Cherry v. University of Alabama Huntsville

Filing 20

MEMORANDUM OPINION. Signed by Judge Abdul K Kallon on 2/6/2014. (PSM)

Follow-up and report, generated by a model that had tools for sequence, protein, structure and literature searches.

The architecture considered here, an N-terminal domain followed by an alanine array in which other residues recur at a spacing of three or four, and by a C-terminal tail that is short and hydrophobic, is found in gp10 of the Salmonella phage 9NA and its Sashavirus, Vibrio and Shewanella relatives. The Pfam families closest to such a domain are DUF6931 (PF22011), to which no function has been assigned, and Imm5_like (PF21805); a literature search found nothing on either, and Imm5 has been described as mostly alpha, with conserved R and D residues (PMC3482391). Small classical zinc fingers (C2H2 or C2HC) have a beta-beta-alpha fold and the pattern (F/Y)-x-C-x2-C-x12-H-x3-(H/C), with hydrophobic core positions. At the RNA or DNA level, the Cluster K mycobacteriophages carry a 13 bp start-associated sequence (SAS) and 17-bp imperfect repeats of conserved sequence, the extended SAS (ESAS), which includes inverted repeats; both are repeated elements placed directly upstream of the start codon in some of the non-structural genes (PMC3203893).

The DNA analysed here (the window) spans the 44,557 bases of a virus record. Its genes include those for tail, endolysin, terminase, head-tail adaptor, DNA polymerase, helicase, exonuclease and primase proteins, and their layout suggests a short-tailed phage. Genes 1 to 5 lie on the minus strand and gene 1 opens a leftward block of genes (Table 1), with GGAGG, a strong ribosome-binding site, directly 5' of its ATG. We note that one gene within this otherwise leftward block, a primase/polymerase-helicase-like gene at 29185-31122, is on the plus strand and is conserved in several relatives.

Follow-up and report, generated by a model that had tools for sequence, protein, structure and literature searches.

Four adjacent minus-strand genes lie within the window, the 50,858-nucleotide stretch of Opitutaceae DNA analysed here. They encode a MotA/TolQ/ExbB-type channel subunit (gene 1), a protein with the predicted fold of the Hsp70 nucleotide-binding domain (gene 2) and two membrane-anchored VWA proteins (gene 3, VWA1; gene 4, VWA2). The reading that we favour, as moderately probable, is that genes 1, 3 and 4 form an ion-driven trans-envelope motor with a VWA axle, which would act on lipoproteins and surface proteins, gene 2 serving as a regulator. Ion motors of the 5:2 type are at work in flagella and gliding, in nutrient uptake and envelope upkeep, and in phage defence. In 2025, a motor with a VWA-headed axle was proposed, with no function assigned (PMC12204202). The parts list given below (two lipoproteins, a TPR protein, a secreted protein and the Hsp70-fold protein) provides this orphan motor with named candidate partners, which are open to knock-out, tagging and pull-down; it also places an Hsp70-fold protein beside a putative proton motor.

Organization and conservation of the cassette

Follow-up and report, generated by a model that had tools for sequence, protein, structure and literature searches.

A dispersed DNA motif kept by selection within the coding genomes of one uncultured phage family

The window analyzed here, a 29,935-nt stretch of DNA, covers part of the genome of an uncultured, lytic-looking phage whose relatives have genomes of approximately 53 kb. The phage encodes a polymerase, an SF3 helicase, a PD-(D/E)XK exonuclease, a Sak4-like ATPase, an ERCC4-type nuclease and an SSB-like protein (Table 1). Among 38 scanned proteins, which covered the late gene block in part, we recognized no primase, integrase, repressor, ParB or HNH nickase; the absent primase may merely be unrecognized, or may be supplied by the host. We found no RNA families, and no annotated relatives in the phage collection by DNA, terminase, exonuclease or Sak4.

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FILED 2014 Feb-07 PM 01:12 U.S. DISTRICT COURT N.D. OF ALABAMA IN THE UNITED STATES DISTRICT COURT FOR THE NORTHERN DISTRICT OF ALABAMA NORTHEASTERN DIVISION DANNY WILLIAM CHERRY, Plaintiff, vs. UNIVERSITY OF ALABAMA HUNTSVILLE, Defendant. ) ) ) ) ) ) ) ) ) Civil Action Number 5:13-cv-1972-AKK MEMORANDUM OPINION Pro se Plaintiff Danny William Cherry filed this action against the University of Alabama Huntsville (“the University”), alleging that “false allegations were made” against him and that the University “harassed and force[d] [him] to withdraw after being banned from campus with[out] a just case.” Doc. 1 at 2. Mr. Cherry filed motions to amend the complaint, appoint counsel, change venue, expedite, confer with Defendant, meet with the judge, and for settlement conference, docs. 7, 13, 14, 15, 17, 18, 19, which are not properly before the court because Mr. Cherry failed to serve them on the University. Fed. R. Civ. P. 5(a) and (b); N.D. Ala. LR 5.4.1 The University has moved to dismiss this action, doc. 1 Because electronic filing is not available to pro se parties, the United States District Court, Northern District of Alabama Local Rule 5.4 requires pro se parties to serve documents in a manner described in Federal Rule of Civil Procedure 5(b). However, the failure to serve is a Page 1 of 7 8, and the motion is briefed, docs. 12, 16, and ripe for resolution. For the reasons stated below, the University’s motion is due to be granted. I. Standard of Review Under Federal Rule of Civil Procedure 8(a)(2), a pleading must contain “a short and plain statement of the claim showing that the pleader is entitled to relief.” “[T]he pleading standard Rule 8 announces does not require ‘detailed factual allegations,’ but it demands more than an unadorned, the-defendantunlawfully-harmed-me accusation.” Ashcroft v. Iqbal, 556 U.S. 662, 678 (2009) (citing Bell Atl. Corp. v. Twombly, 550 U.S. 544, 555 (2007)). Mere “labels and conclusions” or “a formulaic recitation of the elements of a cause of action” are insufficient. Iqbal, 556 U.S. at 678 (citations and internal quotation marks omitted). “Nor does a complaint suffice if it tenders ‘naked assertion[s]’ devoid of ‘further factual enhancement.’” Id. (citing Bell Atl. Corp., 550 U.S. at 557). Federal Rule of Civil Procedure 12(b)(1) authorizes a motion to dismiss based on the defense that the court lacks subject-matter jurisdiction. Facial attacks to jurisdiction are based on the allegations in the complaint, which the court must take as true in deciding whether to grant the motion. Morrison v. Amway Corp., 323 F.3d 920, 924 n.5 (11th Cir. 2003) (citation omitted). moot issue because the University’s motion to dismiss, doc. 8, is due to be granted. Page 2 of 7 Federal Rule of Civil Procedure 12(b)(6) permits dismissal when a complaint fails to state a claim upon which relief can be granted. “To survive a motion to dismiss, a complaint must contain sufficient factual matter, accepted as true, to state a claim to relief that is plausible on its face.” Ashcroft v. Iqbal, 129 S. Ct. 1937, 1949 (2009) (citations and internal quotation marks omitted). A complaint states a facially plausible claim for relief “when the plaintiff pleads factual content that allows the court to draw the reasonable inference that the defendant is liable for the misconduct alleged.” Id. (citation omitted). The complaint must establish “more than a sheer possibility that a defendant has acted unlawfully.” Id. See also Bell Atl. Corp. v. Twombly, 550 U.S. 544, 555 (2007) (“Factual allegations must be enough to raise a right to relief above the speculative level.”). Ultimately, this inquiry is a “context-specific task that requires the reviewing court to draw on its judicial experience and common sense.” Iqbal, 129 S. Ct. at 1950. Like a Rule 12(b)(1) motion, the court accepts all factual allegations as true on a motion to dismiss under Rule 12(b)(6). See, e.g., Grossman v. Nationsbank, N.A., 225 F.3d 1228, 1231 (11th Cir. 2000). However, legal conclusions unsupported by factual allegations are not entitled to that assumption of truth. Iqbal, 129 S. Ct. at 1950. Page 3 of 7 II. Analysis The University raises several arguments in support of its motion to dismiss, including that it is entitled to immunity pursuant to the Eleventh Amendment of the U.S. Constitution and Article I, § 14 of the Alabama Constitution. Doc. 8 at 2. Mr. Cherry failed to address these arguments in his response to the University’s motion, and, in fact, implicitly concedes the immunity defense by asking this court to ignore the law because “[n]o man, not even the President has immunity.” Doc. 12 at 1. In light of Mr. Cherry’s failure to address the University’s arguments, Mr. Cherry has waived his right to do so, see Goldman v. Bracewell & Guiliani, L.L.P., 183 F. App’x 873, 874 (11th Cir. 2006); Iraola & CIA S.A. v. KimberlyClark Corp., 325 F.3d 1274, 1284 (11th Cir. 2003), and, for the reasons stated below, the motion is due to be granted. A. Lack of subject matter jurisdiction The court can discern no proper basis for it to exercise jurisdiction over this matter because Mr. Cherry’s statement of his claim fails to assert any cause of action arising under federal law. In fact, the one allegation that Mr. Cherry specifically mentions in his filings, i.e. that the University defamed him by falsely claiming he had charges pending for felony murder, is one that, at best, arises Page 4 of 7 under state law.2 Because “[f]ederal courts are courts of limited jurisdiction,” with the power to hear only cases authorized by the Constitution or by statute, Kokkonen v. Guardian Life Ins. Co. of Am., 511 U.S. 375, 377 (1994) (citations omitted), this court lacks subject matter jurisdiction over this matter. Accordingly, the motion to dismiss is due to be granted. B. Eleventh Amendment Immunity To the extent Mr. Cherry is contending that the University violated his federal rights pursuant to 42 U.S.C. § 1983 by improperly trying to execute a warrant to arrest him for felony murder, doc. 7, any such claim would fail because the University is entitled to Eleventh Amendment immunity. Under the Eleventh Amendment, “[t]he judicial power of the United States shall not be construed to extend to any suit . . . against one of the United States by citizens of another state, or by citizens or subjects of any foreign state.” U.S. CONST. amend. XI. The Supreme Court has additionally held “that an unconsenting state is immune from lawsuits brought in federal court by the state’s own citizens” for retrospective recovery of money damages. Carr v. City of Florence, Ala., 916 F.2d 1521, 1524 (11th Cir. 1990), citing Hans v. Louisiana, 134 U.S. 1 (1890). Therefore, absent 2 The court cannot hear this claim under diversity jurisdiction because Mr. Cherry is an Alabama resident and the University is an Alabama entity. Doc. 1 at 2; see Fed. R. Civ. P. 8(a)(1) and 12(b)(1). Page 5 of 7 an express waiver, “a suit in which the State or one of its agencies or departments is named as the defendant is proscribed by the Eleventh Amendment.” Id. (internal quotation marks and citation omitted). Furthermore, states are not “persons” subject to liability under § 1983. Will v. Michigan Dept. of State Police, 491 U.S. 58, 71 (1989). The University is an instrumentality of the state and, as such, is immune from § 1983 liability. Harden v. Adams, 760 F.2d 1158, 1164 (11th Cir. 1985) (citation omitted); Matthews v. Ala. A&M Univ., 787 So. 2d 691, 696-97 (Ala. 2000); Bd. of Trustees of the Univ. of Ala. v. Garrett, 531 U.S. 356, 363 (2001) (citation omitted). Perhaps because Mr. Cherry recognizes that a dismissal of his claim is warranted under existing case law, Mr. Cherry asks the court to ignore the law by asserting that “all men are created equal,” “[n]o man, not even the President has immunity,” that “rulings made in . . . past cases were bias and made by men who often err,” and that the U.S. Constitution is flawed because its drafters were slave owners. Doc. 12 at 1-2. This court declines to accept Mr. Cherry’s invitation for it to ignore the law. After all, to paraphrase Mr. Cherry, no man, not even a judge, is immune from following the law. Therefore, because the University has immunity under the Eleventh Amendment, allowing Mr. Cherry to amend the complaint to add a defamation claim as he asks, see doc. 7, would be futile. Page 6 of 7 III. Conclusion Based on Mr. Cherry’s failure to invoke the court’s subject matter jurisdiction and the University’s entitlement to Eleventh Amendment immunity, by separate order, the court will GRANT the University’s motion and DISMISS this lawsuit without prejudice, and MOOT Mr. Cherry’s motions for appointment of counsel, change of venue, earlier court date, and settlement, and motions to amend the complaint, confer with the University, and meet with the judge. DONE the 7th day of February, 2014. ________________________________ ABDUL K. KALLON UNITED STATES DISTRICT JUDGE Page 7 of 7